Conscientious objection and person-centered care

Theoretical Medicine and Bioethics 39 (2):143-155 (2018)
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Person-centered care offers a promising way to manage clinicians’ conscientious objection to providing services they consider morally wrong. Health care centered on persons, rather than patients, recognizes clinicians and patients on the same stratum. The moral interests of clinicians, as persons, thus warrant as much consideration as those of other persons, including patients. Interconnected moral interests of clinicians, patients, and society construct the clinician as a socially embedded and integrated self, transcending the simplistic duality of private conscience versus public role expectations. In this milieu of blurred boundaries, person-centered care offers a constructive way to accommodate conscientious objection by clinicians. The constitutionally social nature of clinicians commits and enables them, through care mechanisms such as self-care, to optimize the quality of health care and protect the welfare of patients. To advance these conditions, it is recommended that the medical profession develop a person-centered culture of care, along with clinician virtues and skills for person-centered communication.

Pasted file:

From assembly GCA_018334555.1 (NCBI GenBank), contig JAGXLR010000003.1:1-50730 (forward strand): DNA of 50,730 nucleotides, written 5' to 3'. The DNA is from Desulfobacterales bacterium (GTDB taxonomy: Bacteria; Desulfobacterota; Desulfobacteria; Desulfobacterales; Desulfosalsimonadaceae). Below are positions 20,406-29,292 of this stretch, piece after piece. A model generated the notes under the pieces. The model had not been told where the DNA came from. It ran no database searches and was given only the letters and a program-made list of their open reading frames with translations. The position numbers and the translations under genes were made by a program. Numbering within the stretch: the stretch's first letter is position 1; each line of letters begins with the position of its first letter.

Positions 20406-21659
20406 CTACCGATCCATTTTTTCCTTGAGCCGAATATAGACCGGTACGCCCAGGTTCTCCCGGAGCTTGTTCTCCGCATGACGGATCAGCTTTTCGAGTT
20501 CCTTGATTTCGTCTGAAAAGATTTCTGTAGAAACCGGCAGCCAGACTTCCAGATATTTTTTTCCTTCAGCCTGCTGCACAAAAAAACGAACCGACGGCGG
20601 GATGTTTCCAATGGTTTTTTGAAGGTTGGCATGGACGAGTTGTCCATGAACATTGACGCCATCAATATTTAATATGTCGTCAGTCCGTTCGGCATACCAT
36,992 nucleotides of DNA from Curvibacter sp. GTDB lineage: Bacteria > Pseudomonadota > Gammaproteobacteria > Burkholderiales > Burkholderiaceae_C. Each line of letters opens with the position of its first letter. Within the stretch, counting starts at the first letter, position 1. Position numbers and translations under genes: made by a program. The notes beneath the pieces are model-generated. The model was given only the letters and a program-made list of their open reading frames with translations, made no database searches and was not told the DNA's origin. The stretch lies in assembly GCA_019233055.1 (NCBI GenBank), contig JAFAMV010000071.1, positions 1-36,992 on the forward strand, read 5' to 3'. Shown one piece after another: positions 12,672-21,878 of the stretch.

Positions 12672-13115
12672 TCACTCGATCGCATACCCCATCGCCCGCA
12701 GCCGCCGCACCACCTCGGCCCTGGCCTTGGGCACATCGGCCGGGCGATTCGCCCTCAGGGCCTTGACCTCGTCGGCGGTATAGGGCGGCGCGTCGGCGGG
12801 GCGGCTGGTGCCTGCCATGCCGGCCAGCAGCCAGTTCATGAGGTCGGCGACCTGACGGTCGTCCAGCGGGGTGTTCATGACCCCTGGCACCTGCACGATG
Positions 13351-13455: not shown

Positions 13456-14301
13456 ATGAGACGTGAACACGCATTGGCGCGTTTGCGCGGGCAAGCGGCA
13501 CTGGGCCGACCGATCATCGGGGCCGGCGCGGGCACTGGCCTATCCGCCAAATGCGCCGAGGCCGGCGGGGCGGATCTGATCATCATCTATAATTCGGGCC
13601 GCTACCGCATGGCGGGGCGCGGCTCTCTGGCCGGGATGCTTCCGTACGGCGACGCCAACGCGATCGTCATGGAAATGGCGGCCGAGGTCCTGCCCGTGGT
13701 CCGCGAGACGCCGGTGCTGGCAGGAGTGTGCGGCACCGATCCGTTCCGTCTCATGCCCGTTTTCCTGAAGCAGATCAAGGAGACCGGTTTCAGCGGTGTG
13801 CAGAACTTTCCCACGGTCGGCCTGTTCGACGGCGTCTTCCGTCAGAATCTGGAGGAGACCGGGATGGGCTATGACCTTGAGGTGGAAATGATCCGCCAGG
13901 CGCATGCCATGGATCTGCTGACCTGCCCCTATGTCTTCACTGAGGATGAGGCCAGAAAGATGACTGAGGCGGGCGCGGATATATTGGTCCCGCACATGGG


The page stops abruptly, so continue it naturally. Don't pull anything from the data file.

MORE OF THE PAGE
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Citations of this work

Protecting reasonable conscientious refusals in health care.Jason T. Eberl - 2019 - Theoretical Medicine and Bioethics 40 (6):565-581.

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The virtues in medical practice.Edmund D. Pellegrino - 1993 - New York: Oxford University Press. Edited by David C. Thomasma.

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